#16 of 18 OFFLINE   ChrisWiggles



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Posted December 24 2006 - 07:08 AM

7.1 is not an insignificant improvement. 6.1 one should avoid. Always try to use a 7.1 array, even in a 6.1 processing environment.

#17 of 18 OFFLINE   MikeLi


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Posted December 28 2006 - 10:39 AM

Definantly not like going from bookshelves to floor standers up front but there is a slight noticable difference. I say if you have the money and can figure out a way to put the speakers. They can be small as they are not used that much but it is kind of neat. Still though I would rather have a great 5.1 than a crappy 7.1 anyday.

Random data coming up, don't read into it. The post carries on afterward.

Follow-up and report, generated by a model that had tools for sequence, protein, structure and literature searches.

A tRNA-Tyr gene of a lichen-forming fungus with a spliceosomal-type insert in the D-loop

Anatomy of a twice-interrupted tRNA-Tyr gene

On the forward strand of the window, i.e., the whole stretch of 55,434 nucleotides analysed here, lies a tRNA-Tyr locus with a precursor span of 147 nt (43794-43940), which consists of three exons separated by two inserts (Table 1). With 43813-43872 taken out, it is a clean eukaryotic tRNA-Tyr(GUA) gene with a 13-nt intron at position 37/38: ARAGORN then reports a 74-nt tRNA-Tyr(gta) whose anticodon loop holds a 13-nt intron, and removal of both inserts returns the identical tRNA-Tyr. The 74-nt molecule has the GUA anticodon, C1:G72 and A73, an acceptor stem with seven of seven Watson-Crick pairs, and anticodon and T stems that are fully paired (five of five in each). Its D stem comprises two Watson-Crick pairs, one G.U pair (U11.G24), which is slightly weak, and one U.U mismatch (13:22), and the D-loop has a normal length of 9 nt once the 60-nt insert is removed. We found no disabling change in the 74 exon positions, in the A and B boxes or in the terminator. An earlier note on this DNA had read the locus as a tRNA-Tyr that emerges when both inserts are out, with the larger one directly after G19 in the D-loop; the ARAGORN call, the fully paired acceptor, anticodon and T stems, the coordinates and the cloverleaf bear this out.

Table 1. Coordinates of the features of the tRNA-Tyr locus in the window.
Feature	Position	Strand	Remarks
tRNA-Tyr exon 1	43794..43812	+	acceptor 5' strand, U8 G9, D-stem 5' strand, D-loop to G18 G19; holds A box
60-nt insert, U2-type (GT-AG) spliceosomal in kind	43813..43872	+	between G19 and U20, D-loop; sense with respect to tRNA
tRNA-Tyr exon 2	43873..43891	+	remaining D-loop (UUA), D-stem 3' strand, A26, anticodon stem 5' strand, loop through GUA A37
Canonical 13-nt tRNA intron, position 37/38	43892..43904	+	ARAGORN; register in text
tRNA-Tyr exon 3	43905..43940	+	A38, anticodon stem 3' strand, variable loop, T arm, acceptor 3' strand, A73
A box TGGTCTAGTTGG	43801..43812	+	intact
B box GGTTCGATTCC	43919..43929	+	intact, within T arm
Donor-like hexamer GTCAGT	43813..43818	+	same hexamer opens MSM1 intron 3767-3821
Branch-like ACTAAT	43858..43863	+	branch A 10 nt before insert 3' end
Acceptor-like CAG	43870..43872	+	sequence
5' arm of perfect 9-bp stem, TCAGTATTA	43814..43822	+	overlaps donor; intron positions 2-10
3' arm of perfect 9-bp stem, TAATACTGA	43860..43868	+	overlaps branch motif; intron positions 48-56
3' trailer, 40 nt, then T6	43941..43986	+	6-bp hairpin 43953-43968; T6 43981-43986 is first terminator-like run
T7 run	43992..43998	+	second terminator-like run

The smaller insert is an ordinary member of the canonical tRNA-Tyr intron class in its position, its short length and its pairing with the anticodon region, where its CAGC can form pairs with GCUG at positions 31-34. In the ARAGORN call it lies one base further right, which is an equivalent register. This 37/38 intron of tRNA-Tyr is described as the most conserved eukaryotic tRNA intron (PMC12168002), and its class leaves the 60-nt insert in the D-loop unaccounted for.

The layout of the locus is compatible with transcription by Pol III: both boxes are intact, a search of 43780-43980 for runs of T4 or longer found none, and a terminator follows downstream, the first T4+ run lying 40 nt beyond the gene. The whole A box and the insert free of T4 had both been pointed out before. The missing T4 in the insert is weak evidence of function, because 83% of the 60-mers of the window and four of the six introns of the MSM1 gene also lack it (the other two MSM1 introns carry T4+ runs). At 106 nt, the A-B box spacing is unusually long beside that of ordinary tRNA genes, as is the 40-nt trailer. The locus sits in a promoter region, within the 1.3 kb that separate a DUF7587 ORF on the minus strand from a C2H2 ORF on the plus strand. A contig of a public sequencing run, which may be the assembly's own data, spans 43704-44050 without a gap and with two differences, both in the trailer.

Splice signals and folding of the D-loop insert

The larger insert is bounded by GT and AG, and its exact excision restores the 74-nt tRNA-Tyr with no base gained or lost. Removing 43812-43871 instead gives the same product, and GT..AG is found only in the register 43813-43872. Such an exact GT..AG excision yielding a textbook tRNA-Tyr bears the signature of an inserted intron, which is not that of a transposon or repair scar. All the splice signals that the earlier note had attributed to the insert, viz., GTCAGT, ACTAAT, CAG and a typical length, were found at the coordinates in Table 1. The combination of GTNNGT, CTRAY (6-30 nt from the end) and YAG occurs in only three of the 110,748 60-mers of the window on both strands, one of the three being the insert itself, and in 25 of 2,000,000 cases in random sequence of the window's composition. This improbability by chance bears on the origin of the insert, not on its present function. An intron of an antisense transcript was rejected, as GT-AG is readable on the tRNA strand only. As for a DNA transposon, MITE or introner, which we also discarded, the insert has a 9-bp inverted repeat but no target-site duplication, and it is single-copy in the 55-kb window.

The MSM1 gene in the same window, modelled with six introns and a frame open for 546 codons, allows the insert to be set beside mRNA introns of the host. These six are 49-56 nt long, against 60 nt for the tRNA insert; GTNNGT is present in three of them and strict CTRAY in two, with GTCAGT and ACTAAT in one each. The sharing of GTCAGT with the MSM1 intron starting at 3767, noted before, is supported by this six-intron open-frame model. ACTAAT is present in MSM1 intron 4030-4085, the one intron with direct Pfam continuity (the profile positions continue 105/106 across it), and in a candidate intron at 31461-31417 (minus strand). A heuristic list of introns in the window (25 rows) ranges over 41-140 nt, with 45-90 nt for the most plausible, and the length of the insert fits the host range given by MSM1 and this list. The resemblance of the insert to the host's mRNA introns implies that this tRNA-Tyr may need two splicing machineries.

#18 of 18 OFFLINE   Gary Seven

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Posted December 29 2006 - 08:19 AM

I have a 7.1 one set up and enjoy it immensely. There are so many variables involved from the size of the room to speakers to arrangement to amplifier/processor that your mileage will vary greatly. With my current setup, I will never go back to 5.1. The sound field is truly impressive. Will you have the same results? Possibly. But it will probably be either better or worse (again, due to the many variables involved). An expensive experiment perhaps, but you will have to try it yourself.